Throughout the majority of Dreamworks‘ newest film ‘The Boss Baby’, I felt like I needed a nap. I am not saying that the film is boring, but during its first half, it feels chaotic. Not only does ‘The Boss Baby’ have an unappealing animation style, but when it uses its visual style to show the imagination of 7-year-old Timothy Templeton (Voice of Miles Bakshi, a.k.a the grandson of animator Ralph Bakshi), it comes off as annoying, causing me to lose interest in what this film is trying to accomplish.
Based on the children’s book by Marla Frazee, ‘The Boss Baby’ not only answers the question “Where do babies come from?”, but also takes elements from its source material to make a satire of how a new arrival can take the energy of its parents’ lives; making them little “bosses”. Enter the unnamed “Boss Baby”, dressed up in a suit, while carrying a suitcase full of baby items. He exits the taxi – giving off a cool strut in his walk – to the Templeton’s lives. As expected, Mom (Voice of Lisa Kudrow) and Dad (Voice of Jimmy Kimmel) bring all their loving on this sharp-dressed baby, but Tim is skeptical (adding to the commentary of replacement and how it could feel to an older sibling).
He eventually finds out that not only can this baby talk (Especially with the smooth and rocky voice of Alec Baldwin), but he is also the CEO of Baby Corp, the place where babies come from; where the ticklish babies get to go home with a family, while those who don’t get sent to management, where Boss Baby was sent. The baby is tasked with a mission: To go to Puppy Co. – where Tim’s parents work at – to find out why puppies are getting more love than babies. In usual children’s movie flair, Tim and the baby have to work together in order to save Baby Corp, and also to get the baby out of Tim’s hair.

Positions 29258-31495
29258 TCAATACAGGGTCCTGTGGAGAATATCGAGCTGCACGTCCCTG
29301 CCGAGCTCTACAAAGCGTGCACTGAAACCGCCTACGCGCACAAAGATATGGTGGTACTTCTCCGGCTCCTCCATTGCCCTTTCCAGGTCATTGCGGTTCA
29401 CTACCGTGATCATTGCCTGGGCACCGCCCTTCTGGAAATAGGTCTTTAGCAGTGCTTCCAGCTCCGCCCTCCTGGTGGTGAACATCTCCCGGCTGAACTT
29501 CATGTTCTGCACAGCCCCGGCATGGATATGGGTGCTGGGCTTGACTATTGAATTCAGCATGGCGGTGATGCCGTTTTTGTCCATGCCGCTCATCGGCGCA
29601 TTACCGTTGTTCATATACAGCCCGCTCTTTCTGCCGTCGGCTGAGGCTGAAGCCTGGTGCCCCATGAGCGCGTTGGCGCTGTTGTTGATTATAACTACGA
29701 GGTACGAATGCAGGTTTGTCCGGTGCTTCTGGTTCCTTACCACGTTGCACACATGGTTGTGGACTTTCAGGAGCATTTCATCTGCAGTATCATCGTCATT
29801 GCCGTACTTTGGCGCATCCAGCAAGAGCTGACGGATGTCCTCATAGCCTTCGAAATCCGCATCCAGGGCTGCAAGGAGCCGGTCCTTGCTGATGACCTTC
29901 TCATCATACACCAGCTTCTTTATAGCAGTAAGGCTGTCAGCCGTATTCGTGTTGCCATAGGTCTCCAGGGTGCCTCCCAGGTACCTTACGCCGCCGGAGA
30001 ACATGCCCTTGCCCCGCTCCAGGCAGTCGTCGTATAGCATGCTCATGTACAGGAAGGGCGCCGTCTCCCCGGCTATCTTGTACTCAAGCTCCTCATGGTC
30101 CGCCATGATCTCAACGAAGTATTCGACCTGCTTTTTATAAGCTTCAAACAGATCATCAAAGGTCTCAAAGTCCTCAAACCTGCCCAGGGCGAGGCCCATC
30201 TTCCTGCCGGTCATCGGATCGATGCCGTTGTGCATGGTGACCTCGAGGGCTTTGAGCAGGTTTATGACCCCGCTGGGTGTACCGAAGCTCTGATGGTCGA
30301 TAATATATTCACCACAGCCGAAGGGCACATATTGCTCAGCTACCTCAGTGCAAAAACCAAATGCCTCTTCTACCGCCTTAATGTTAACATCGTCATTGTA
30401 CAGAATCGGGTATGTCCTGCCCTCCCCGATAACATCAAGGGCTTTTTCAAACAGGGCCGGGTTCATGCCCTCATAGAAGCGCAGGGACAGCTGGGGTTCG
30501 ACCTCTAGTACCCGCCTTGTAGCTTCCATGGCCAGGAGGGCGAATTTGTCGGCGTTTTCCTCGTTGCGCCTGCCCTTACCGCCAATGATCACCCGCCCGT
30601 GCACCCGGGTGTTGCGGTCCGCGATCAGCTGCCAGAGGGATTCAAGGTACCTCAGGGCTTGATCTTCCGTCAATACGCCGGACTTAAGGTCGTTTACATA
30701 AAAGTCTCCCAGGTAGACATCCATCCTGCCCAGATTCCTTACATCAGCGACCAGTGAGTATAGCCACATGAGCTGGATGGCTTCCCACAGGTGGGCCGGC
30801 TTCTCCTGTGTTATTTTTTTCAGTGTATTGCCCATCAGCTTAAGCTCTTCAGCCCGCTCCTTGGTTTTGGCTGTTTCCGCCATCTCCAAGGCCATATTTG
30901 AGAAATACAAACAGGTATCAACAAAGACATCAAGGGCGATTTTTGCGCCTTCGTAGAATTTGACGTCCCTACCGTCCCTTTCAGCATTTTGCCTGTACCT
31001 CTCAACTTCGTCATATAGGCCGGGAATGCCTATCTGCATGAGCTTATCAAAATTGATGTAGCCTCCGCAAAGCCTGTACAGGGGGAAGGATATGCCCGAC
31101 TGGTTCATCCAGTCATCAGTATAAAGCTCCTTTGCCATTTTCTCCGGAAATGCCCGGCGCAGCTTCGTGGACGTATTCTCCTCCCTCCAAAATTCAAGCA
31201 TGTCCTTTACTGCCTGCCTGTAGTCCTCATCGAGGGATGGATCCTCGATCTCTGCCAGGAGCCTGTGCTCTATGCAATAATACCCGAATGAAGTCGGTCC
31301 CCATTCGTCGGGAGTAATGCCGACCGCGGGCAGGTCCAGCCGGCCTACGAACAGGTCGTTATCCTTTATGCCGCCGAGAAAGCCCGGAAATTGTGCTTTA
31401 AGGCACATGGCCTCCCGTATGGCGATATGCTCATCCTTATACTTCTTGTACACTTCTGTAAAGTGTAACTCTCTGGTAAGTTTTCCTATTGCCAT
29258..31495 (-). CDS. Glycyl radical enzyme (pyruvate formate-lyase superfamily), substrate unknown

Not much is to be said about ‘The Boss Baby’ that hasn’t been said already. I can point out its positive points that saved it from being terrible. Besides its voice talent (especially from Baldwin), the screenplay is clever and funny at times. There is also heart in its commentary. ‘The Boss Baby’ is definitely not the best film in Dreamworks’ resume of animated films, but it isn’t the weakest either.